Eric Funk’s Requiem for a Forest

Like most people in Gallatin County over the 2020 Labor Day weekend, Eric Funk was shocked to see fire ravage the nearby Bridger Mountains.
But unlike most people who watched the towering, billowing smoke from the Bridger Foothills fire, the composer and teaching professor in the Montana State University School of Music had another sensation. He heard music.
The result of those first notes became the foundation for Funk’s “Requiem for a Forest,” a short oratorial composition for four a cappella voices. Lyrics for the piece are based on a poem also written for the event by Richard Powers, a novelist who won the Pulitzer Prize in 2019 for “The Overstory.” The piece will be performed Oct. 24 in a pop-up event held by the Intermountain Opera in the Bridger Mountains that inspired the piece.
Because of COVID-19 restrictions, the company will perform the piece three times before 50 socially distanced people in an outdoor location. Reservations for the performances were filled within minutes of being announced, according to Michael Sakir, interim artistic director for the local opera company.
“Commissions of new works rarely move this rapidly,” Sakir said. “I think it’s a testament to how desperately Eric and Intermountain Opera wanted to respond to the destruction and tragedy while offering hope. There is nothing like the human voice to heal hearts and bring people together.”
Funk said he became involved in the project when Thomas Thomas, a member of the opera’s board and the organizer of BozemanArtsLive!, a local platform for virtual performances, asked Funk if he’d be interested in quickly writing a piece about the Bridger fire to launch the opera’s new season of small events. Thomas is also a non-traditional student studying advanced piano at MSU.

“I jumped at the chance,” Funk said. “That was Sept. 21.”

Funk said that he immediately drove up to Stone Creek to look at the burned forest. He said he noticed that blades of green grass already rising from the scorched soil.
“Because the forest replenishes itself, it seemed a metaphor for what is going on today in our society. I realized I needed to write something hopeful,” Funk said. “Very clearly music showed up. I came home and started mapping it out.”
Four days later Funk met with Sakir and Thomas and two other board members, a first draft of the composition in hand. The piece was based on the ancient form of passacaglia, which involves music occurring over a repeated, multi-measure bass line.
When Thomas and Sakir asked about the lyrics, Funk said, “How would you feel about me contacting Richard Powers?”
Funk and Powers met in about 2010 when Funk was teaching a class for MSU WonderLust, now the Osher Lifelong Learning Institute, on baroque music. Powers was living in Bozeman at the time and working on the novel that would become “The Overstory,” a book about several characters whose relationship with trees bring them together to address the destruction of forests.
When Funk emailed Powers, now living in the Smoky Mountains, and asked if he’d be interested in writing a short poem for his composition, Powers agreed, even though he was putting the finishing touches on his next novel.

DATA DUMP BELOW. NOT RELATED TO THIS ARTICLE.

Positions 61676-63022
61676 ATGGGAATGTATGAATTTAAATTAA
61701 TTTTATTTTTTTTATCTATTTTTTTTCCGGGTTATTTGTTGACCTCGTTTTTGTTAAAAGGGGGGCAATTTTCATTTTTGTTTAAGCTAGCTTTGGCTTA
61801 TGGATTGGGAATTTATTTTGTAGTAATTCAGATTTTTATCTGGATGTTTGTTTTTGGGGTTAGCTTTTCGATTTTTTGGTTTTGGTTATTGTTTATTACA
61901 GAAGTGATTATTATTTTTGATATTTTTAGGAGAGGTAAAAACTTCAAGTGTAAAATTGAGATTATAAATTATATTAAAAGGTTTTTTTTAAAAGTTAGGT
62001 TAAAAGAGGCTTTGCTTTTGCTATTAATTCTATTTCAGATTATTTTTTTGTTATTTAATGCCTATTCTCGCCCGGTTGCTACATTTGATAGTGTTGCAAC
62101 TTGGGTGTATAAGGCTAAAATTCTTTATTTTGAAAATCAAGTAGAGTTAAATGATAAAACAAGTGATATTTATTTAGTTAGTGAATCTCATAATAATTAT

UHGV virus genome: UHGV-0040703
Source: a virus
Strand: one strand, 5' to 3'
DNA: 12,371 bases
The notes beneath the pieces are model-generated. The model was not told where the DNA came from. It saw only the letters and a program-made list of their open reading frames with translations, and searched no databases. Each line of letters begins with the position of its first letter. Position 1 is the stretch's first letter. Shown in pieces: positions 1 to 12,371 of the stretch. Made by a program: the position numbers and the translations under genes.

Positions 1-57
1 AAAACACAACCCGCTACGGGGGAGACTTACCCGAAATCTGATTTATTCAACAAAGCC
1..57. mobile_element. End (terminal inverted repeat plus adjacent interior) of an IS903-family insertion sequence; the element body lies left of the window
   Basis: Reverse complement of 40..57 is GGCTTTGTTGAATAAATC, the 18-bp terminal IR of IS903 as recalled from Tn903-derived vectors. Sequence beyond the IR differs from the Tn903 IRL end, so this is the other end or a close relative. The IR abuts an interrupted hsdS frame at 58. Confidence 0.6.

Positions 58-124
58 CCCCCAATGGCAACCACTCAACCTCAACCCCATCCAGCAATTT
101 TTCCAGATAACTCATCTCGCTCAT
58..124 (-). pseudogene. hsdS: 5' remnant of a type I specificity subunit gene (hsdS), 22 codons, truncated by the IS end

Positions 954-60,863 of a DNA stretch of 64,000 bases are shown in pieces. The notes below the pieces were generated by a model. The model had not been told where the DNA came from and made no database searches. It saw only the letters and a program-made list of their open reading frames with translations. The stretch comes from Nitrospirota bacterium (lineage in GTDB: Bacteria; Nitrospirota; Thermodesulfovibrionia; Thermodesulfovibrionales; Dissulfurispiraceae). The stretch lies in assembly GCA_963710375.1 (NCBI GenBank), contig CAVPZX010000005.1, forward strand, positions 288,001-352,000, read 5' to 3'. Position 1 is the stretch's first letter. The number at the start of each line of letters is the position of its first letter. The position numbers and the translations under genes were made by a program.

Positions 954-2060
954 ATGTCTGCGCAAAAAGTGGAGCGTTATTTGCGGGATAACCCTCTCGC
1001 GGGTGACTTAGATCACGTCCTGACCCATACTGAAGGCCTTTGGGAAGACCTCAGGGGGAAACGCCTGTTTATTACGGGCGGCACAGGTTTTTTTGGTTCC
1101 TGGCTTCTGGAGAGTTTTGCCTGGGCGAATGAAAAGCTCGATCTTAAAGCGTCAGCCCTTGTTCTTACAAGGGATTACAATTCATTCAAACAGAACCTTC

“As with everyone who has ever spent time (in Bozeman), I fell in love with the extraordinary beauty of the region,” Powers wrote in an email last week. He said that he, too, was devastated by news of the fires and the scars they have left on “one of the loveliest places on this continent.” 
“When Eric contacted me about preparing a text for his forest requiem, I knew in a heartbeat that I wanted to connect my private mourning to a shared and communal remembrance. And I knew that any act of remembering would have to include a prayer for recovery.”
Powers quickly wrote a 32-line poem with short stanzas that could be fit to the form of the passacaglia. He said he tried to keep the poem “simple, traditional and almost archaic in its rhythm and religious impulse.” He incorporated a line from the ancient liturgical Mass for the Dead: “Death and nature will be amazed when the creatures rise again!”
Powers said that the line was resonant because anyone who lives in western Montana knows about serotiny — seeds that release and germinate in response to external triggers, especially fire. 

Powers said he got chills thinking: “That’s what will happen to the Bridgers. The plants and animals will literally rise again from the charred burn, sooner than many think.

“I think our requiem is also a prayer for the fires to trigger something in us.” 
With Powers’ poem in hand, Funk recruited four voices to sing the composition, all with connections to the MSU School of Music. Elizabeth Croy, professor of music, will sing the soprano part. Lukas Graf, also a voice instructor and choral conductor in the school, will sing tenor and his wife, Jessica, who teaches music at Longfellow School, will sing mezzo-soprano. Frederick Fry, a professional opera singer who lives in Helena and is a frequent instructor at MSU, will sing bass.
Funk said he hopes that after its Oct. 24 premiere, the piece will be performed elsewhere.
“This project has such lift and promise and reaches well beyond our immediate local tragedy,” Fund said. “And it’s not false optimism for the sake of optimism but a much larger view of time, wherein we can really see further. Perhaps it will touch people throughout the West and even further.”


This event is over.

Fri. Oct. 23, 2020

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